Project Canterbury

Forward in Western China

By Deaconess Emily Lily Stewart
C.M.S. Missionary in Szechwan

Foreword by the Archbishop of Sydney

London: Church Missionary Society, 1934.

Chapter I. The Way Prepared

In this generation we tend to fix our eyes unduly on the manward side of missionary work. We need to get back to the God-ward side. In the white light of the Gospel of Christ social evils are shown up with a blackness that makes all decent men ashamed. They do not always realize the source of their new sensitiveness, indeed they sometimes deny it. "We are working for the good of mankind," they say. "Stop your preaching and help us to right the wrong, to uplift the oppressed, and men will listen to your message." It is as if some one had taken soap and water, food and clothing, to the prodigal boy in the far country. His position there might have been made endurable; in time he might even have become content. But what of the heart of the Father? Could He ever have been satisfied with the broken family circle? Let us get back to the heart of Christ, back to God's side of the great missionary campaign. We shall lose none of our love for the wandering boy, none of our concern for his pitiable plight, because of our greater concentration on the Father's loss.

We can no longer deny that God has been here before us, seeking the Chinese people along many of their ancient paths. He gave them Confucius, as He gave to the Hebrew people Moses, to instruct them in the ways of righteousness till He Himself should come in the person of His Son. The Chinese owe a great debt to Confucius--a truly remarkable man. He was just about contemporary with Zechariah of Judah, but he lived in an entirely different world. He had no opportunity to catch the vision of the Hebrew prophet, but the influence of his teaching permeated China with those principles of loyalty to the State and to the family which underlie all that is best in Chinese society. He taught that the right ordering of the State depends upon the right ordering of the family, which is impossible without individual uprightness of heart. This is a point at which the Christian message can reach the Confucianist. He knows already the necessity for a clean heart and pure life; Christ brings the dynamic which makes attainment possible.

The old attitude towards all non-Christian religions, which regarded them as so many inventions of the evil one, is taken by very few missionaries to-day. We come to our Buddhist and Confucian friends not to condemn, but to share what we believe to be the greatest and highest blessing ever vouchsafed to man--the revelation of God in Christ. We believe that He has been here all through the centuries, speaking to human souls by every means that love can use, and men and women are reaching out after Him, though they know it not. Over many a temple of the Goddess of Mercy may be seen the words: "Petitions will be answered," reminding us of our Lord's promise: "Ask, and it shall be given you." Many a sad and broken Chinese heart has poured out its longings at the feet of the Kwan In, and has received an answer! The cry of the human soul has burst through the temple of the dumb Goddess of Mercy and reached the great compassionate heart of the Father. In this land where most of the " gods " are such as to be feared and propitiated, the Kwan In stands out as a symbol of the merciful and good, which every one feels must exist in the heart of the Deity. The popularity of this goddess reveals a universal need. When will they turn from the flickering candle to the full glory of the noon-day sun?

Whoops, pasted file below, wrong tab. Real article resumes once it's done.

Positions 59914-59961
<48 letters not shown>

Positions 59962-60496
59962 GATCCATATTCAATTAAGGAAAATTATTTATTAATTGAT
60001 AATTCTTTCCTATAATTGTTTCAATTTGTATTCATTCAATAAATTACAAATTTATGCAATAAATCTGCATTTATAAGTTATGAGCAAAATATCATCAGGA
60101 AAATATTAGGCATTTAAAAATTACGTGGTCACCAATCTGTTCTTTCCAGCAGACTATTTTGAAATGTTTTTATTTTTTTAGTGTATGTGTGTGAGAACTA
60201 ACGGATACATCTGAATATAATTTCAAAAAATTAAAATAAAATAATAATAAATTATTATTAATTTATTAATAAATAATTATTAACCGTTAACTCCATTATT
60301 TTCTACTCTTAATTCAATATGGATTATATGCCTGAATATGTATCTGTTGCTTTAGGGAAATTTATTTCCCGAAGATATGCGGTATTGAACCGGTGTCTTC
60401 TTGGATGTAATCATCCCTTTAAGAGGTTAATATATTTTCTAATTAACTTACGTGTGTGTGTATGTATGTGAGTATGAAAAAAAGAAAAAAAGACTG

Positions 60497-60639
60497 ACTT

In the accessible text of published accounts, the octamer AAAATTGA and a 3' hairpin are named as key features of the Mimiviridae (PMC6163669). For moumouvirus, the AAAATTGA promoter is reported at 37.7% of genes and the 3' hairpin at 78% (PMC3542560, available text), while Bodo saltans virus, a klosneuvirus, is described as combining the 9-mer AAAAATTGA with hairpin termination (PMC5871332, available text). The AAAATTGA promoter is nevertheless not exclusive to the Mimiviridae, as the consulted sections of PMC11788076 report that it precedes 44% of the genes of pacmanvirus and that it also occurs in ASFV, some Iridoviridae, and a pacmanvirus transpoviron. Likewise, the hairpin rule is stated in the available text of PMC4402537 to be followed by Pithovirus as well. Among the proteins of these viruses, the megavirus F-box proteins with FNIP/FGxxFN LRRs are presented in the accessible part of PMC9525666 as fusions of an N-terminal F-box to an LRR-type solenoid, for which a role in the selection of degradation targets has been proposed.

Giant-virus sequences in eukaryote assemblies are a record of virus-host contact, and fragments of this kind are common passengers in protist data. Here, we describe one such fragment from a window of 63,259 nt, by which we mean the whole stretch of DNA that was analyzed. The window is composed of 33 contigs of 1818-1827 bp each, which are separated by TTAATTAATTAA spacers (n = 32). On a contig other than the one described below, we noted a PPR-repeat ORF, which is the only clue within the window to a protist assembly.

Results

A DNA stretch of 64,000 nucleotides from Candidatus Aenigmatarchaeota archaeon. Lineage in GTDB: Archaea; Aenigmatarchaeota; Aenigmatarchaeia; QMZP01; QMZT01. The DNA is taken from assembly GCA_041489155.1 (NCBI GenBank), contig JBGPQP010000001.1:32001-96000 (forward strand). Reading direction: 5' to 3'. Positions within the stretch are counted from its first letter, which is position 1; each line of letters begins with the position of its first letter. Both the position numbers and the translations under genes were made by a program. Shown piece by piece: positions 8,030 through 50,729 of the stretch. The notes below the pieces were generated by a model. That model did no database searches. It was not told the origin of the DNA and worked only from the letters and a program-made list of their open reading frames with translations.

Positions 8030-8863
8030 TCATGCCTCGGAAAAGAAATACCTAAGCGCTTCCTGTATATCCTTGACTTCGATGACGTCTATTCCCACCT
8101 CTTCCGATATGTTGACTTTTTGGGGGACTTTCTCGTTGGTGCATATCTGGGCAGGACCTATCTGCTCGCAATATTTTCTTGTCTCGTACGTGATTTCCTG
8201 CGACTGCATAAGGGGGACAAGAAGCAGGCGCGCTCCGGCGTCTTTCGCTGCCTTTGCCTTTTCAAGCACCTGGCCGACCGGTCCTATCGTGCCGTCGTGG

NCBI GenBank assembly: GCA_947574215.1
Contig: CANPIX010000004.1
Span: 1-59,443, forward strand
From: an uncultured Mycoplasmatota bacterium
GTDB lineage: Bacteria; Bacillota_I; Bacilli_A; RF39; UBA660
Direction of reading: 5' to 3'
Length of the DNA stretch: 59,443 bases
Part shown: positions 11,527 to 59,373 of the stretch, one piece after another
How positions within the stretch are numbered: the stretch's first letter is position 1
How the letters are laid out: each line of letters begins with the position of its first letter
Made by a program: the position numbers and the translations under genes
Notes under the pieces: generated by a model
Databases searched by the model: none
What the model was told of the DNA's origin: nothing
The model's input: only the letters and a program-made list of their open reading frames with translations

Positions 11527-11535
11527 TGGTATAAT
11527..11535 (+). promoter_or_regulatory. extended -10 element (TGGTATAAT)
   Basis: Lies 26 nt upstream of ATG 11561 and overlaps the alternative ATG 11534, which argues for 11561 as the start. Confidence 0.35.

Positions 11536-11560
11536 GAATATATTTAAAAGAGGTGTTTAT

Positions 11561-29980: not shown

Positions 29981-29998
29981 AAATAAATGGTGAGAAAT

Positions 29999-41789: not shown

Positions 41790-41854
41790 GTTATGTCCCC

There is usually a hearing for the Christian message within the precincts of a Buddhist temple. In Western China one may enter the temple courtyards with the utmost freedom and hire a table on which to spread out gospels and tracts. Worshippers, when they have finished their devotions, and even the priests themselves, will stand and listen to the preaching, and will often buy portions of Scripture to read. The teaching of the opening verses of St. John's Gospel, with its theme of the Eternal Word, finds prepared soil in the heart of a devout Buddhist. The Chinese word tao is perhaps nearer the meaning of logos than any word that we have in English. It has many shades of meaning. With it are linked ideas and associations which are only with great difficulty explained in English. The cultured Buddhist opens the New Testament at St. John's Gospel and reads: "In the beginning was the Tao, and the Tao was with God, and the Tao was God." "This," he says, "is wisdom," and he reads on. Sometimes he reads to the end, and finds the fulfilment of all the longings that Buddha can awaken but cannot satisfy.

So passes the eternal Christ along the ancient roads of Szechwan, and He is steadily though unhurriedly advancing. He is advancing by the broad open highway and the narrow winding track. Sometimes His progress is almost unnoticed, but we have only to look back and survey the road by which He has come to realize the sureness of His onward march.

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